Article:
Sensory DevelopmentSensory processing is our brain’s attempt to make sense of the world, our experiences, and provides information about our body. Young developing minds are bombarded every minute of the day by new sensations as well as sensations they have already experienced. The brain must organize all this incoming information in order for your child to move, learn and behave in a productive manner. The flow of sensations have to be sifted, sorted, located, and ordered by the brain. When the “flow” of sensation is managed and well organized (i.e. sensory integration) the brain can begin to form memories, perceptions, and appropriate reactions and responses. This shapes the underlying foundational skills for children to be productive learners and social beings.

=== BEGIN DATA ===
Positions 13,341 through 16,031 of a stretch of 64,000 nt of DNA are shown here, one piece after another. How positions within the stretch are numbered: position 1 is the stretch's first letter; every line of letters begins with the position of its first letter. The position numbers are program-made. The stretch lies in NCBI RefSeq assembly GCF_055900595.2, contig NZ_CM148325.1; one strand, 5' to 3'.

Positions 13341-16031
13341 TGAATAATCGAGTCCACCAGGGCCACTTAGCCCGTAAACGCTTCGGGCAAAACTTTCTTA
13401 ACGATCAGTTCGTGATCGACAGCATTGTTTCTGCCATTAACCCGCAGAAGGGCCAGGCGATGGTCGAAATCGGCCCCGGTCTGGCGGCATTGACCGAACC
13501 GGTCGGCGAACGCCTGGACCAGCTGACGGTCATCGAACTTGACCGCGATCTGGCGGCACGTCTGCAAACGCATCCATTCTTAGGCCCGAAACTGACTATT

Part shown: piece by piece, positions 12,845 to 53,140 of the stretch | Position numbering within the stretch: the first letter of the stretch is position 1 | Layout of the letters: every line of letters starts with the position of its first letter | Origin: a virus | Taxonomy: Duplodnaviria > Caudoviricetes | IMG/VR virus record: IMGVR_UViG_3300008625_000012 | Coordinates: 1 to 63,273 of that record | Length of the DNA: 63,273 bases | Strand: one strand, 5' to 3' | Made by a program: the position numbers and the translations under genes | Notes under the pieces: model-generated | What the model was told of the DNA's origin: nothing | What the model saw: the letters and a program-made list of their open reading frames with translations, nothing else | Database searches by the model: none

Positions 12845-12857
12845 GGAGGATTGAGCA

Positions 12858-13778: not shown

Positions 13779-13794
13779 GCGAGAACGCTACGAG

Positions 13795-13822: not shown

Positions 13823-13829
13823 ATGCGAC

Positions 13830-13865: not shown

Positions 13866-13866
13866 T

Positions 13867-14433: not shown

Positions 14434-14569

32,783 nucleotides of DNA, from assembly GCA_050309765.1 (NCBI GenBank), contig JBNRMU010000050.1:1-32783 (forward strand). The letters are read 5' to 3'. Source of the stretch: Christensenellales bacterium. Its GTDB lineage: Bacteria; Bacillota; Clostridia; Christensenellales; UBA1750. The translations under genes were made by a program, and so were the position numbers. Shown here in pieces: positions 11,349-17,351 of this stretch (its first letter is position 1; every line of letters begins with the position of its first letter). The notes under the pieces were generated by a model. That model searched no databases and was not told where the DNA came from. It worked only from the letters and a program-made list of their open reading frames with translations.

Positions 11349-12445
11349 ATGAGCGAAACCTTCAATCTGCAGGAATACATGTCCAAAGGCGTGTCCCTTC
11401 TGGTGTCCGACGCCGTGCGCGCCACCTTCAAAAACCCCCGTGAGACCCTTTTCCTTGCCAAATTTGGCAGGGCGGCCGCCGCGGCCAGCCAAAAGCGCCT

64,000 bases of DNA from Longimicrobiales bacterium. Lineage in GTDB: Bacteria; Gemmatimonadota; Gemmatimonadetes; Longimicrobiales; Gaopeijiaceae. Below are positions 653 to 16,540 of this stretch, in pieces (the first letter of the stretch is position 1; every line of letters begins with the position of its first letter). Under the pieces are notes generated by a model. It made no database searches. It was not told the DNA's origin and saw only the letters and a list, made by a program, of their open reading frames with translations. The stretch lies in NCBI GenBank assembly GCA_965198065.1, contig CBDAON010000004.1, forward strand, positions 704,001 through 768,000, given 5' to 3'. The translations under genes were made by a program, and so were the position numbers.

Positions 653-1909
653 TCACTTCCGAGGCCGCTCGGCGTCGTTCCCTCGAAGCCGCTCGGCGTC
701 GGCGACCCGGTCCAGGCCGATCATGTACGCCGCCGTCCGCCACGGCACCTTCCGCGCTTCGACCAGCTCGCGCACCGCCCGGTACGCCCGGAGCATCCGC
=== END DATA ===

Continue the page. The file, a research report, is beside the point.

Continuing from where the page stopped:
None of us organize sensations well all the time. Lack of adequate sleep, poor nutrition, illness, and/or stressful events can temporarily shift us into a “disorganized’ states. However, when there is chronic poor sensory processing, this can interfere with your child’s daily functions and coping. Some early signs and symptoms of poor sensory processing for infants can be delays in rolling over, sitting, crawling, poor sleep and eating patterns, frequently distressed, and/or difficult to sooth or comfort. For toddlers, walking or running may appear awkward or clumsy, avoidance of movement, distressed during bathing or tooth brushing, or limited variety or textures of food in their daily diet. Emotional responses may be extreme such as frequent or very long tantrums, while others may not react to touch sensations such as extra hot food or falling down as you would expect.